CAD M179


by Andrew Thompson


One of the most significant indicators in the professional audio market of the early-to-mid 2000s was the rapid and dramatic fruition of what came to be known as the home and project studio revolution. This period saw new and previously marginal manufacturers find substantial success with disruptive new products, giving many more established names cause for urgent introspection and, ultimately, to thoroughly overhaul their own offerings.

Among those model stories of the former class is that of the Ohio-based brand CAD, which in the first half of the decade moved its manufacturing operation from the US to China. The company had been founded in 1988 as the pro audio division of Astatic Commercial Audio Products, a venerable 20th-century firm that by that time was a manufacturer of address microphones for industry. CAD’s Equitek series of microphones had been popular foretokens of the low-cost insurgency to come, and their redesigned successors, the M177 and M179, would hew still closer to this model.


Like the Equitek microphones, the M177 and M179 were large-diaphragm condensers. The M177 featured a single cardioid pattern and is no longer produced, but the M179 is multipattern, with omnidirectional, wide or sub-cardioid, cardioid, hypercardioid and bidirectional polar patterns obtainable via a continuously variable rotary control with a centre detent for the cardioid pattern; an unusual feature at the M179’s price point. The microphone is a functionally typical LDC, being a side-addressed “bottle” shape with controls on the address side of the body. The microphone is quite small, 178mm by 51mm, and its distinctively designed housing is constructed around a sturdy frame which supports the head amplifier circuit boards and the microphone capsule and is covered by front and rear metal side panels finished in grey urethane. Access to the interior of the housing is obtained via four screws on the rear panel.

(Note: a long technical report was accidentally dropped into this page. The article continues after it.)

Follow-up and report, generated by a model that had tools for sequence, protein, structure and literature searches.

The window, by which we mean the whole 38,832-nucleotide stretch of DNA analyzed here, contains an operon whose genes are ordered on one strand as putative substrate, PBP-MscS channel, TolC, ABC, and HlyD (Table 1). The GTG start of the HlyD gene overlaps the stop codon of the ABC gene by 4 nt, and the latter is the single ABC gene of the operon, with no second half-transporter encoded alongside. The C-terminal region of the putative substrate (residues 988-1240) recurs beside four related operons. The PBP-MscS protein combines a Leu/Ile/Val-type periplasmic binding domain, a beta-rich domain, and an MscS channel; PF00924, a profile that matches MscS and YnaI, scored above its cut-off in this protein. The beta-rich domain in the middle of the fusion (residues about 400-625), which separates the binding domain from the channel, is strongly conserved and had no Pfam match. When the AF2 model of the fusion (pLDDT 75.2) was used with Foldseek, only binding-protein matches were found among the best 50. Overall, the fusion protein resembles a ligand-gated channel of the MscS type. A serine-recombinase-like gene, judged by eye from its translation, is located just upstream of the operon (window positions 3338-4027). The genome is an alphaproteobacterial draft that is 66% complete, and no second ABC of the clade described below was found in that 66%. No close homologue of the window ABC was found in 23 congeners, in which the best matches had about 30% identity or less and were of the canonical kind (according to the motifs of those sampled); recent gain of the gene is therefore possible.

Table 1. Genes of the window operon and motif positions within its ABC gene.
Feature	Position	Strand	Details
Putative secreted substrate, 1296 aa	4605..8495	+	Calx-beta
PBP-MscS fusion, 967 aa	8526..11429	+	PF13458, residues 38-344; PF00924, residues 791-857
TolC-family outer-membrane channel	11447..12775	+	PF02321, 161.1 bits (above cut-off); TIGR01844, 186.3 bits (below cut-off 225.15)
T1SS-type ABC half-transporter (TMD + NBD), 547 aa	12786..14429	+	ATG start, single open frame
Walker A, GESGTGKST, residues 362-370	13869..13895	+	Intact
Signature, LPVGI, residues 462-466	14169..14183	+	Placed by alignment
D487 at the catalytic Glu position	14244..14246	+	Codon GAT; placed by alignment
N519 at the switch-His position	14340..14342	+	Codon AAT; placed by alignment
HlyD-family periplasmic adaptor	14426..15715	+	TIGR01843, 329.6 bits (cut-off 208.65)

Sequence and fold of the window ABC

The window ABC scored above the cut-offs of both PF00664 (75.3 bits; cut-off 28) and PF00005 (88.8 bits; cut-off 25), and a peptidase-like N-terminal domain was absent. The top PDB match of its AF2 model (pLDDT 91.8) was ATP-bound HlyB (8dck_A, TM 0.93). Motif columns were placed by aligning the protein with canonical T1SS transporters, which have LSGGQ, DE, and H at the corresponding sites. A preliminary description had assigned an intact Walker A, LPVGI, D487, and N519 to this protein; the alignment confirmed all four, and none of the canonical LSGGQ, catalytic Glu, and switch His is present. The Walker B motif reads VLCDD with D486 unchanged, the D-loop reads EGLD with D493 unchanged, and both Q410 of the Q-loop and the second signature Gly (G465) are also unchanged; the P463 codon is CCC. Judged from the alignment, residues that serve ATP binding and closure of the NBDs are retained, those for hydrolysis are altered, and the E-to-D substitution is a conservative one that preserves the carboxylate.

The head amplifier circuit is a novel design using op-amps, which, users will be relieved to hear, are “laser-trimmed”. The capsule is apparently a custom K67-type centre-terminated design, made in China. Signal and +48V phantom power are carried via the standard 3-pin XLR connector. It should be noted that the microphone draws 0.8mA; a great deal of current for a condenser mic and users should check that their phantom power supply is adequately specified. A -20dB pad is included, along with a -6dB/oct high-pass filter at 100Hz, both of which are engaged via sliding switches on the front panel.

Sensitivity is rated at 16 mV/Pa, a slightly unusual medium position. Self-noise is a very respectable 11dB. With the pad engaged, the mic is rated to handle a maximum of 143 dB SPL.

Frequency plots for the M179’s three principal patterns claim an essentially flat response to frequencies all the way down to 10Hz, which is in itself remarkably low, and up to 3kHz – an impressive degree of linearity for any microphone, let alone one aimed at the budget-conscious recordist. An individual anechoic plot of one 2001 unit’s cardioid pattern bears this out in broad strokes, but shows a very gentle “V” pattern centred on 900Hz, where attenuation is in the order of -2.5 or -3dB, neutralising at 100Hz and 4kHz. Though the individual plot only shows frequencies above 20Hz, it does indeed indicate a more or less linear response to low frequencies in the cardioid pattern trending upward from zero at 100Hz to possibly +.75dB at 20Hz. The manufacturer’s generic graphs for the cardioid or omnidirectional patterns make no mention of this slight positivity, though a slight bass “hump” is expected in the bidirectional pattern, between 40Hz and 90Hz, peaking around +2dB at 55Hz.